Who Is Your Favorite Reformed TV Villain?
Today, I want to know who is your favorite reformed TV villain.
Pop Culture Theme Time is a feature where I put a question to you to see what you think about a particular theme. I might later revisit the theme for a future Drawing Crazy Patterns or Top Five.
A standard thing in pretty much ALL serialized fiction is the pull of a good villain being SO good that the writers of the series feel compelled to redeem them and make them a hero because, well, TV shows are mainly about the heroes, so if you’re a hero, you get to be in more scenes.
For the sake of this question, I’ll allow instances where a villain doesn’t necessarily become a hero, though, just that they’re clearly no longer a villain. For instance, I would consider Ian McShane’s Al Swearengen on Deadwood as a “reformed” TV villain despite him still technically being a bit of a bastard by the end of the series, just clearly no longer treated as a villain like he was early in the series.
Swearengen would be an excellent pick, but I can’t help but go with James Marsters’ Spike on Buffy the Vampire Slayer. Introduced as an over-the-top villain in Season 2, he was ultimately forced to help the good guys due to a microchip placed into his body. Once he began doing heroic things, though, he slowly became more and more heroic (while still being without a soul since he was a vampire, so it was very difficult staying good, as seen when he tried to rape Buffy at one point). He eventually earned a soul so he could be fully good (Angel doesn’t count, by the way, since he debuted AS a hero. I’ll leave it up to you whether you think Cordelia was a villain or not when she debuted).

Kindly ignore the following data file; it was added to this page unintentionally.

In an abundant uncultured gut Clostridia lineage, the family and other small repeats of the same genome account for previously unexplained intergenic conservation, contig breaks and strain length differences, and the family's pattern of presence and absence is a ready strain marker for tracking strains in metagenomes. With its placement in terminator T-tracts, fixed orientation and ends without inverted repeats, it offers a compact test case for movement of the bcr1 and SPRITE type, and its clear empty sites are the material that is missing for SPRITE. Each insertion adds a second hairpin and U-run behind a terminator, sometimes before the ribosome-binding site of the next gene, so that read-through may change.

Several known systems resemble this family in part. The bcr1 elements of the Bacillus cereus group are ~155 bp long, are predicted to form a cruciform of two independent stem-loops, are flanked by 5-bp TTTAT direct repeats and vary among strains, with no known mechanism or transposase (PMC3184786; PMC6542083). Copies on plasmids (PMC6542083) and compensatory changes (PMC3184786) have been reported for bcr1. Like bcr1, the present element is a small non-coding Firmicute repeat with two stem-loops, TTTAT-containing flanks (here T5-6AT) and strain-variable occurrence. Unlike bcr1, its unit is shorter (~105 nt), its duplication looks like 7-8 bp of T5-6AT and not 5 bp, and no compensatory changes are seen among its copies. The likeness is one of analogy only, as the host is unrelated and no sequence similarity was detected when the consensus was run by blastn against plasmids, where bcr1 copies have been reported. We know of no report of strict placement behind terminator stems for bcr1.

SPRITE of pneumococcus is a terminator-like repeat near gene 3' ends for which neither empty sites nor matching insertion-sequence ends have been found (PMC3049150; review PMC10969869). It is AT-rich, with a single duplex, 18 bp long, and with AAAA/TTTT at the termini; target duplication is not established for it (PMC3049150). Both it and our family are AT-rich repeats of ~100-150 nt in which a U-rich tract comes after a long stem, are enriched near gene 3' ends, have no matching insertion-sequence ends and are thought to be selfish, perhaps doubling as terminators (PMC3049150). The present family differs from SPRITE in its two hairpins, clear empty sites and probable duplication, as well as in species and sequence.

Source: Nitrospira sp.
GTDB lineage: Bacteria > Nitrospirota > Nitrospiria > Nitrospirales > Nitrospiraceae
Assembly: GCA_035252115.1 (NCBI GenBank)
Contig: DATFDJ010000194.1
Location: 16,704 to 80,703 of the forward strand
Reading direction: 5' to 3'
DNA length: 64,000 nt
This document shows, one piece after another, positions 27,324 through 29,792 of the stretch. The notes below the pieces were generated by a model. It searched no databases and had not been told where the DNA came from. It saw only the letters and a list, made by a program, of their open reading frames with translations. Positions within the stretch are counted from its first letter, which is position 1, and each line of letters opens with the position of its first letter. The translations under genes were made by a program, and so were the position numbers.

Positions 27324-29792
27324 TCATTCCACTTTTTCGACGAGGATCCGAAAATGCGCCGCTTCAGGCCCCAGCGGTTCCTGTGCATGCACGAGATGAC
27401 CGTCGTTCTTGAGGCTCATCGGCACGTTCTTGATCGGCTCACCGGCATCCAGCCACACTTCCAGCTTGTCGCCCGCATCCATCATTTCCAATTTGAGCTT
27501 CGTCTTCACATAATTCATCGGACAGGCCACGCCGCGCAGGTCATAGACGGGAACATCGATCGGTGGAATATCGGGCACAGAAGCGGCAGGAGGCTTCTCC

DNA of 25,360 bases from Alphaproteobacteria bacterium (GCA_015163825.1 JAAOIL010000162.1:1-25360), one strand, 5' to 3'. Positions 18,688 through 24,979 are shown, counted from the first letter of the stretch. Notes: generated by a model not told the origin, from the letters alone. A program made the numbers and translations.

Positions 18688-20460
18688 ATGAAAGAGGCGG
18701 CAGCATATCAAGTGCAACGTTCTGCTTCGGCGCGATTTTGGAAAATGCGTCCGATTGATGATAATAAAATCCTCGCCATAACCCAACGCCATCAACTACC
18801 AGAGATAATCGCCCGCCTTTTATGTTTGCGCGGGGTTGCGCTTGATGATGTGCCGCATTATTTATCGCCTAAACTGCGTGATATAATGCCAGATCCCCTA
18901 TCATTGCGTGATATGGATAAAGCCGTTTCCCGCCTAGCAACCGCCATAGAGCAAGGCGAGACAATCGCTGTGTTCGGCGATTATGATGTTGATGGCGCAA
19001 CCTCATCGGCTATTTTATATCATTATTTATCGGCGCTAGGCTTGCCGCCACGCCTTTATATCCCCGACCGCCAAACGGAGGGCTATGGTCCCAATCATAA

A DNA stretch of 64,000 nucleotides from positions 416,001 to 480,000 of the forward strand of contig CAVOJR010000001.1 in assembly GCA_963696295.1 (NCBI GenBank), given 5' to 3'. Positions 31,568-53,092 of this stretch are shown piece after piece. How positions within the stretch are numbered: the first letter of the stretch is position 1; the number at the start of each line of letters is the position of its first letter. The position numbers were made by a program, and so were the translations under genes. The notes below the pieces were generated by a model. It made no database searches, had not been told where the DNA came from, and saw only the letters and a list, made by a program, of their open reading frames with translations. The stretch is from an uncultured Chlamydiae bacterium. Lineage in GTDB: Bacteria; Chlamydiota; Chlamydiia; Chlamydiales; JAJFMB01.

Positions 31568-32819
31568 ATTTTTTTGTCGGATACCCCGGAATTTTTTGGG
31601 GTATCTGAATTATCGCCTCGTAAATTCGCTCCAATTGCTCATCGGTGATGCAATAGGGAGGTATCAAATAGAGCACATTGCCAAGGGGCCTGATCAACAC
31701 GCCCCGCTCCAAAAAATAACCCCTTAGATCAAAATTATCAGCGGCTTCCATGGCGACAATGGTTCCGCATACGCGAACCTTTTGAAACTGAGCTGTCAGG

Okay, that’s my pick. How about you?
Thanks to Geno P. for the suggestion! Everyone, feel free to suggest future Pop Culture Theme Time topics to me at my new, much shorter e-mail, email@example.com!
6 thoughts on “Who Is Your Favorite Reformed TV Villain?”
The Shade on Stargirl or the Crock family on Stargirl. The Crocks were particularly fun as they had no idea how to be good people.
Yeah Spike. That was a great transformation. Would add Ted Danson’s Michael on The Good Place. He was a big part of the “surprise” in the middle and then again at the end of the series.
My first thought was Margaret on MASH but sure she was ever really a villain like Frank was. But could see it.
I almost just went with Klingons, going from main adversary to allies.
But I think will go with Mick Rory Heatwave. although he remained a thief, he became the one Sara Lance could most count on to have her back.
I’m not sure if G’Kar (from Babylon 5) was ever truly a “villain” per se, although in the first season he tended to be used as something of a villain, antagonist, and/or comic relief; I think the intent was for audiences to see him as a villain before both his character changed and the audience perception of him changed, at which point he became a more straightforward heroic figure and moral leader.
But anyway, I’m going with G’Kar.
quite a number of possibles to choose from
Crais (Farscape), Turlough (Doctor Who), Tenaya (Power Rangers RPM), etc
I’ll give an honourable mention to Garcia Flynn in Timeless – he was the main antagonist in the first series (though misunderstood and lied about rather than truly bad) and joins the heroes against the real bad guys in the second
But, my number one choice is….
Xena, Warrior Princess
a villainess when she was first introduced in Hercules but so popular she soon reformed and got her own spin-off series to seek redemption
I’ll go with Lena Luthor on Supergirl. She was never truly evil but definitely crossed a number of moral lines (planning to shoot Morgan Edge, experimenting with human subjects) before becoming a villain in season 5, and then spending the early part of season 6 trying to make up for her mistakes, almost to the point of overcompensating.